Okay after Very Fresh Noodles the other day the craving came back pretty fast. Instead of going back, I thought I’d go down the street to the newer Chelsea location of Xi’an Famous Foods.
Got the lamb noodles and a pork burger.
It was, unsurprisingly, delicious. As good as I remember.
So now let me do a biang biang esque pull and try to connect this to creative work.
- Help your audience pick: There are a couple pages posted up alongside the menu. I remember one from the first time I went to the St. Marks location: eat take out orders fast or the noodles stick together. At this location one page had a disclaimer about spiciness. The owner would order it spicy, otherwise he finds it too bland.
- Compromise, sometimes: Now, there’s a story Seth Godin tells where David Chang allowed customizations at Momofuku when Godin went in the early days. Then one day it was, nope, no customization you’ll have to go elsewhere. And in not compromising, he became a creative success. It’s a good story. It’s also not a black and white world. Sometimes it’s worth following the data. Someone spreads the word by bringing a friend in, but their friend doesn’t handle spicy well. The mild option helps in that situation.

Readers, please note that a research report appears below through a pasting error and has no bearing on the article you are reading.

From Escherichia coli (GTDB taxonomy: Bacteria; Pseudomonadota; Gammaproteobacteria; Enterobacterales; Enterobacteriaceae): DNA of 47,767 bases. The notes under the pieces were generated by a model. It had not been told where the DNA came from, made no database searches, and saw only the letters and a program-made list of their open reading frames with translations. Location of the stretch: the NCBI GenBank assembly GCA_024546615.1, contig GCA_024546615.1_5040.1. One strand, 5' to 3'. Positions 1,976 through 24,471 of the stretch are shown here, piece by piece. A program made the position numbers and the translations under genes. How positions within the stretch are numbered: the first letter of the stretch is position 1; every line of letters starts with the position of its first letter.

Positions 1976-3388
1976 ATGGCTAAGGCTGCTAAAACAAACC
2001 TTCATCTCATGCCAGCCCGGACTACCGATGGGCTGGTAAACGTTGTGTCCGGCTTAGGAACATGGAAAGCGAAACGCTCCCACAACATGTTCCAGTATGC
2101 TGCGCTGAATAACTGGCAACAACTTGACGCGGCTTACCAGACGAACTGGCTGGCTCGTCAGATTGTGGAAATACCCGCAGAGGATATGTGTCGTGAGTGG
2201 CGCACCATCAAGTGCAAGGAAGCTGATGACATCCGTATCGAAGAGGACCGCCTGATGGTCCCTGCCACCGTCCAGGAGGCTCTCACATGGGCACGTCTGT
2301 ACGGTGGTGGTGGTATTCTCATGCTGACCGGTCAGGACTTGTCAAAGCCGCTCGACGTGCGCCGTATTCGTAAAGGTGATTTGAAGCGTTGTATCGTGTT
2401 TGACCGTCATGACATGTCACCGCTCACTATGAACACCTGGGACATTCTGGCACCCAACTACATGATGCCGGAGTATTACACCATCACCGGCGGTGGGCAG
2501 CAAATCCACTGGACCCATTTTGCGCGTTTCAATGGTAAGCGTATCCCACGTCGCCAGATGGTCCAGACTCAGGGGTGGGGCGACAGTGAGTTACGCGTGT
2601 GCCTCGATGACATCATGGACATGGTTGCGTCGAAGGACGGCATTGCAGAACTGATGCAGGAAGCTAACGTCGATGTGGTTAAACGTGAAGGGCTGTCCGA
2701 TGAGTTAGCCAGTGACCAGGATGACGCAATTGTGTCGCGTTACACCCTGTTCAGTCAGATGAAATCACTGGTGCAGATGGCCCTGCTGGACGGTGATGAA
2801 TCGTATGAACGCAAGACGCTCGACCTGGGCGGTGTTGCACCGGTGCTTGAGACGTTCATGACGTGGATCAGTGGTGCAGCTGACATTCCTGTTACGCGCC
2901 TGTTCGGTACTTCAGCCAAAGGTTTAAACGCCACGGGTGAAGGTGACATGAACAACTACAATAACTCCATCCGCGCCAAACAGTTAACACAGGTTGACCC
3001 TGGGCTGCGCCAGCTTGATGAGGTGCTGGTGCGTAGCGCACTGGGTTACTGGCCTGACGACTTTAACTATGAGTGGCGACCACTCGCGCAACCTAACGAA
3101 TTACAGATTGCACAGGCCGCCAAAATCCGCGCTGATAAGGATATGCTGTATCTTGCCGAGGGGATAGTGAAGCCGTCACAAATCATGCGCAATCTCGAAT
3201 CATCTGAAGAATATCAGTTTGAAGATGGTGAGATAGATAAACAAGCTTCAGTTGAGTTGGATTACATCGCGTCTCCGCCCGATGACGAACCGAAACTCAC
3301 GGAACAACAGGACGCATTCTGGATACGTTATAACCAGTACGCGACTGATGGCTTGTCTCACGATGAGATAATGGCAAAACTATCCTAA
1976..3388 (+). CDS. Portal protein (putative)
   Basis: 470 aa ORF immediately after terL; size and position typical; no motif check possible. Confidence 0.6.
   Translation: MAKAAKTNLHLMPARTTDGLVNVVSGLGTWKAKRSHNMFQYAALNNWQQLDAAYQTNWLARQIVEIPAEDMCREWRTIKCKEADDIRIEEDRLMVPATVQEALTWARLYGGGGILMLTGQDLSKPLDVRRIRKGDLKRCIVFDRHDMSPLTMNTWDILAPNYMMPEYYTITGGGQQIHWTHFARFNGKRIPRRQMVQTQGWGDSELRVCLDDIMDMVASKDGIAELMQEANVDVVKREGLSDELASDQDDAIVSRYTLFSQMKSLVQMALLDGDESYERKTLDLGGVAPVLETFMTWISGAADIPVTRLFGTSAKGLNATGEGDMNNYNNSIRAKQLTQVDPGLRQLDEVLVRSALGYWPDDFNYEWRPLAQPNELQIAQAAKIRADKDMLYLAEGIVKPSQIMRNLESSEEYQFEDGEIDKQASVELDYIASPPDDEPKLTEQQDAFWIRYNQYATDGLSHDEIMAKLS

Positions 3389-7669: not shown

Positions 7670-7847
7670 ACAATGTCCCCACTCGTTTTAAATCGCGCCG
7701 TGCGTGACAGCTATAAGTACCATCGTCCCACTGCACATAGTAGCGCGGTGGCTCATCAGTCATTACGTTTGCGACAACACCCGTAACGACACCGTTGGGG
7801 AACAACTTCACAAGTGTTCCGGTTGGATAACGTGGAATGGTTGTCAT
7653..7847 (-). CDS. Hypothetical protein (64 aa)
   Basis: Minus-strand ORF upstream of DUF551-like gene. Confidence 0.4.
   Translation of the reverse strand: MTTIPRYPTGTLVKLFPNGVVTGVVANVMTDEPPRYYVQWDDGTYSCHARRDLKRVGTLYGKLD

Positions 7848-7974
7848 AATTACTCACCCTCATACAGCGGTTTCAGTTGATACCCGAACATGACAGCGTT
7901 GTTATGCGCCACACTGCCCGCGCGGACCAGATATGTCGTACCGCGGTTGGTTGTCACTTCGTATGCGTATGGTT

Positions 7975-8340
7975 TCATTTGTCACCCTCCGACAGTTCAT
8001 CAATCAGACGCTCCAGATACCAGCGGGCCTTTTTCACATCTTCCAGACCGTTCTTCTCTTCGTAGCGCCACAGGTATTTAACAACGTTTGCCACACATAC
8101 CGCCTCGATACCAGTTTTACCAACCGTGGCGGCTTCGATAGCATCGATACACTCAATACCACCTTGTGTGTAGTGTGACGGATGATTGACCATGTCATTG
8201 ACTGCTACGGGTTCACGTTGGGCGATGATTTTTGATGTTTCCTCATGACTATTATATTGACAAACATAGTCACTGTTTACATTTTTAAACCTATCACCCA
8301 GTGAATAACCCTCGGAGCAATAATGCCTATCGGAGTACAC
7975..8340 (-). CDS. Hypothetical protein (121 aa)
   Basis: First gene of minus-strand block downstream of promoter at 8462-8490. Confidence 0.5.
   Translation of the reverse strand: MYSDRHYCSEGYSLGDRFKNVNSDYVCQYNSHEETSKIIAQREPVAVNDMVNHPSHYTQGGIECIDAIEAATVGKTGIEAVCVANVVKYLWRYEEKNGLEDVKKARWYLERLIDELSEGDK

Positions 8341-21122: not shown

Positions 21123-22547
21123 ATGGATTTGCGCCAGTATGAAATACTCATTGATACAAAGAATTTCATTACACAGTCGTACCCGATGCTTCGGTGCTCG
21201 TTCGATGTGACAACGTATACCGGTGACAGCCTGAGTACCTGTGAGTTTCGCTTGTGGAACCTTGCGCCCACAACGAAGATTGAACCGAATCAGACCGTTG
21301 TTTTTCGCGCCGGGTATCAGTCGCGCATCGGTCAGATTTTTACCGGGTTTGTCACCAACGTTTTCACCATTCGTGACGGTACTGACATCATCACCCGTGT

- Treat your team well: No tips signals that employees probably get paid a good wage. And the owner responds to reviews, defending his workers if they’re accused of some kind of devious intent. While it might be breaking the “customer is always right” idea, his team must appreciate that support. Good for the long game.
I’m writing this at the end of my week in Manhattan. I might write a couple more: Katz’s, Minetta Tavern. But for now I’m very, very full.
(P.S. for my Road to 159 audience, dry lamb noodles are 1000 cals. Well worth it.)